Mad Mike Metro was a guy who had several generations of Pittsburghers dancing on the tables. They greased their hair back and donned leather jackets. They met kids from all over the city and danced to crazy new records handpicked for them by DJ Mad Mike, who went on to become a music and broadcasting legend.
Those kids are grown-ups now, and a piece of their early '60s record-hopping youth has slipped away: Mad Mike Metro died Oct. 31, leaving behind a musical and broadcasting legacy that made a mark on many in the area.
The 63-year-old radio personality and oldies music collector was plagued by health problems that included heart disease and diabetes. The cause of death was an apparent heart attack. According to his wishes, there was no public viewing and funeral. He is survived by two daughters -- Michelle Shanley of Green Tree and Jennifer Caricato of Allentown, and five grandchildren.
Like his counterpart Porky Chedwick, Mad Mike was part of a pantheon of influential local disc jockeys in the '60s that included Terry Lee, Chuck Brinkman and the late Clark Race.
But while many of these worked at mainstream radio stations, Mad Mike and Chedwick introduced records that were more underground -- Chedwick with black artists, Mad Mike with wild garage bands like the Sonics.
"Mad Mike brought a lot of the underground sound to white culture," says Johnny Angel, front man of the oldies band Johnny Angel and the Halos. Mad Mike and Chedwick "were the ones that represented blue collar. They introduced us to music we would have never heard."
His real name was Mike Metrovich. The native Pittsburgher served in the Navy in the late '50s and was stationed in New York, where he became enamored with the new sound of now-classic acts like The Turbans, Big Joe Turner and Fats Domino.
When he returned to Pittsburgh in 1959, Mad Mike started hosting record hops, which drew kids from all over the area. The popular dances led to his first radio job. He started at WPIT-AM in 1964, and soon moved to what would be his radio home until 1972 -- a small Carnegie station called WZUM-AM. He later hosted oldies shows on WYEP-FM, WEDO-AM and WWCS-AM.
This year, Mad Mike returned to the airwaves to host an oldies show on WZUM (1590). After an ownership change, the former WPLW returned to its old call letters and Mad Mike was back where it all started for him. He launched "Nostalgia Music 2000," hosting an oldies show and gathering a group of other DJs -- many of whom grew up listening to him -- to host blocks of time he and son-in-law Pete Shanley purchased from station owner Michael Horvath. The shows expanded from weekends to weeknights, airing live from Pietro's Pizza Pub, which Shanley owns, on Banksville Road. A weekly Mad Mike car cruise there became a popular and nostalgic local attraction.
Fittingly, this weekend's oldies lineup on WZUM will include a tribute to Mad Mike. It starts at 11 a.m. Saturday, will be pre-empted by an afternoon Duquesne University football game and will resume at 5 p.m., and continue Sunday from noon to midnight. It will feature tributes and memories from the jocks he assembled to play oldies music on the station, including Big Ray Edwards, Little Boss Man, Fred Bohn, Johnny Angel and many others.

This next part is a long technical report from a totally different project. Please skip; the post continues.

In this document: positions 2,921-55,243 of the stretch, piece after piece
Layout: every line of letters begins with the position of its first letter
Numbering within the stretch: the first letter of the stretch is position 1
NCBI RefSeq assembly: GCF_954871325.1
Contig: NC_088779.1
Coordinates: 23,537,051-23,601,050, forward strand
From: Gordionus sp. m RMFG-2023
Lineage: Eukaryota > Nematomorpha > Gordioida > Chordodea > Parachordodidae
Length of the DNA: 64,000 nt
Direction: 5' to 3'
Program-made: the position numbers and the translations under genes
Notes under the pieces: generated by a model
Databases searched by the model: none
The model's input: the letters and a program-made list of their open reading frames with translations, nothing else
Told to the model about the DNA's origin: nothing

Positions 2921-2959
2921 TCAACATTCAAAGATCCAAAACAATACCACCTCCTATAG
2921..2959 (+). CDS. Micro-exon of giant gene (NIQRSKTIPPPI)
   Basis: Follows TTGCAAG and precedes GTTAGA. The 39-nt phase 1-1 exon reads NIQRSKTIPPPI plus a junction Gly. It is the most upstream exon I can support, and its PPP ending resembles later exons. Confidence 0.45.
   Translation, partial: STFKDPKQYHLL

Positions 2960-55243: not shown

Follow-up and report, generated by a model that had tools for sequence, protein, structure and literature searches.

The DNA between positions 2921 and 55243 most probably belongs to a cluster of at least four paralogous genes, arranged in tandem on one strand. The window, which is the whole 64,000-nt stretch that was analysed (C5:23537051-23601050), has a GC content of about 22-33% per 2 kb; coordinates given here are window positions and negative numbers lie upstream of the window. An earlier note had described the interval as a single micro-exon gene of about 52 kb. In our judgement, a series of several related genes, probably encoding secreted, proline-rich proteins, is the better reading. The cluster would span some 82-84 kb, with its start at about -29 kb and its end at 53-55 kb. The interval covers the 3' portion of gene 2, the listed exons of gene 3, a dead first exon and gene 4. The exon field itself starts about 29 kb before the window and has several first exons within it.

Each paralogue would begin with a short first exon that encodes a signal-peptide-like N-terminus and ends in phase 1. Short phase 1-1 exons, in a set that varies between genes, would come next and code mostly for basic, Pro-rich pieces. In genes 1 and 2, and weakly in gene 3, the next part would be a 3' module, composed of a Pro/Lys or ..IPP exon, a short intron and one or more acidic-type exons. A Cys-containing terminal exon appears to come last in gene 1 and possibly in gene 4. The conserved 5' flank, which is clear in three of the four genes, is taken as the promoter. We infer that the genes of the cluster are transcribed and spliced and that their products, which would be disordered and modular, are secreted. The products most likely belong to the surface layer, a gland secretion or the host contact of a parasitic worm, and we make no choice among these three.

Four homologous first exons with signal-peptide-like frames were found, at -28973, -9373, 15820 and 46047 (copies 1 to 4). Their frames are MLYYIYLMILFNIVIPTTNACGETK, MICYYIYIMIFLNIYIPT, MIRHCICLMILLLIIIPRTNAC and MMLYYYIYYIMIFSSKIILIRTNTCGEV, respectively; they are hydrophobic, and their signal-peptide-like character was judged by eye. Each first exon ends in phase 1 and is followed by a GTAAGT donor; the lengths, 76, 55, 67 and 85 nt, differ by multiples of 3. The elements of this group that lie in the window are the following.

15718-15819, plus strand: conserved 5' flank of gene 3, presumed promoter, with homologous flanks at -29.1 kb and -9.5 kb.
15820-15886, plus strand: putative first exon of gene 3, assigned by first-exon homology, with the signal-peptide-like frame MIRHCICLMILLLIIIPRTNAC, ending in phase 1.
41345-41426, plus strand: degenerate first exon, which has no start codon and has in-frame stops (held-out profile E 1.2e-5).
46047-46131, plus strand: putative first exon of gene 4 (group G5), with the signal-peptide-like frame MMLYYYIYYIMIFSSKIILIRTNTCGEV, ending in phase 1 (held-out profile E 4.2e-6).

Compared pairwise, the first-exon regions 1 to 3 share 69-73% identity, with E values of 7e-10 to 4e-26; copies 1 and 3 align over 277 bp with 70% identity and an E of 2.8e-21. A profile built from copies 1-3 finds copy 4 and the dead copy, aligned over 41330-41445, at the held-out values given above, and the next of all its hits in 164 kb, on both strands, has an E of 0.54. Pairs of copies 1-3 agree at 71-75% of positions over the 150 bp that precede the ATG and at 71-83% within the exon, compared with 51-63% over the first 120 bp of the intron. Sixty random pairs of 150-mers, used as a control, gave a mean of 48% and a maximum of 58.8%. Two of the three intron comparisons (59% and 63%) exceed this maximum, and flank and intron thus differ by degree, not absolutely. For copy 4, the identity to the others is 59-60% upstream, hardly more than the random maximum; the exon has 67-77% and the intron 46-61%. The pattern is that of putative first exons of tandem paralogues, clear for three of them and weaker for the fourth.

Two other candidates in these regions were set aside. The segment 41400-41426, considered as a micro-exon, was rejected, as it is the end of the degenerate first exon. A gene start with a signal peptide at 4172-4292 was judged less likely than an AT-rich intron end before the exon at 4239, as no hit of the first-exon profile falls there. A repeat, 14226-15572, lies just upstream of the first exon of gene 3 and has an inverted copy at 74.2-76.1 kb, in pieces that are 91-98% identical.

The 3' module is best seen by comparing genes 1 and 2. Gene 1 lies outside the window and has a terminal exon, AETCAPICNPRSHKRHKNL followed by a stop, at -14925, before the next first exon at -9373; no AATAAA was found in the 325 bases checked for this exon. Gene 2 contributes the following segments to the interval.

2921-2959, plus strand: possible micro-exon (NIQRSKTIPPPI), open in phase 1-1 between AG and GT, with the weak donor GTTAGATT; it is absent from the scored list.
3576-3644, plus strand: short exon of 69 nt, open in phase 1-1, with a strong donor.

Johnny Angel calls him "my mentor." He knew Mad Mike for more than 30 years: As a teen, he hung out at the Mad Mike record hops at West View Danceland in the early '60s. "Mad Mike was definitely unique," Angel says. He was "a man with a mission" in terms of collecting rare and popular recordings.
Fred Bohn, owner of Attic Records in Millvale, attended his first Mad Mike dance at the age of 12. "I walked out a totally different person," Bohn recalls. "It was like nothing I had ever heard in my life. He searched from East Coast to West Coast for records. He had an ear. He could play a pop record by Frank Sinatra and follow it with some punk garage thing, and it fit."
"Music was always his life," says Pete Shanley. "Things like money didn't mean anything to him. He loved music and being on the radio. Those were the most important things to him."
Larry Berger, host of WYEP's "Saturday Light Brigade" worked with Mad Mike during the 1980s at WYEP. "He created a Sunday night oldies show that made all of our then-840 watts shine," Berger says. "While Mike's on-air style and talent are legendary in the Pittsburgh area, many may not be aware of the warmth, compassion and intelligence of this wonderful soul. Mike spent countless hours teaching local broadcasters, repairing equipment, tuning and troubleshooting transmitters, and befriending and helping people in need. He held a first-class FCC license and -- to those who knew him -- will always be remembered as a first-class broadcaster and first-class human being."
Although he spent his entire radio career here, Mad Mike's reputation among oldies fans and collectors is worldwide. He released a popular five-record series of oldies compilations called "Mad Mike's Moldy Oldies."
Two new Mad Mike CD compilations are scheduled to be released posthumously in the coming months: "For Lovers Only" and "Mad Mike At The Hop." Both are double CD sets.
Mad Mike was as comfortable working behind-the-scenes on the technical end of radio as he was behind the microphone: Over the years, he worked as an engineer at many stations around town. He even built the studio used at Pietro's for the remote WZUM broadcasts. Much of the equipment was vintage, including 1950s turntables that he refurbished.
Friends and family are glad that Mad Mike had a chance to return to what he loved in recent months. "He was ecstatic. He was able to live out his last days very happy," Bohn said. "If there's a rock and roll heaven, they got the best DJ they could have."
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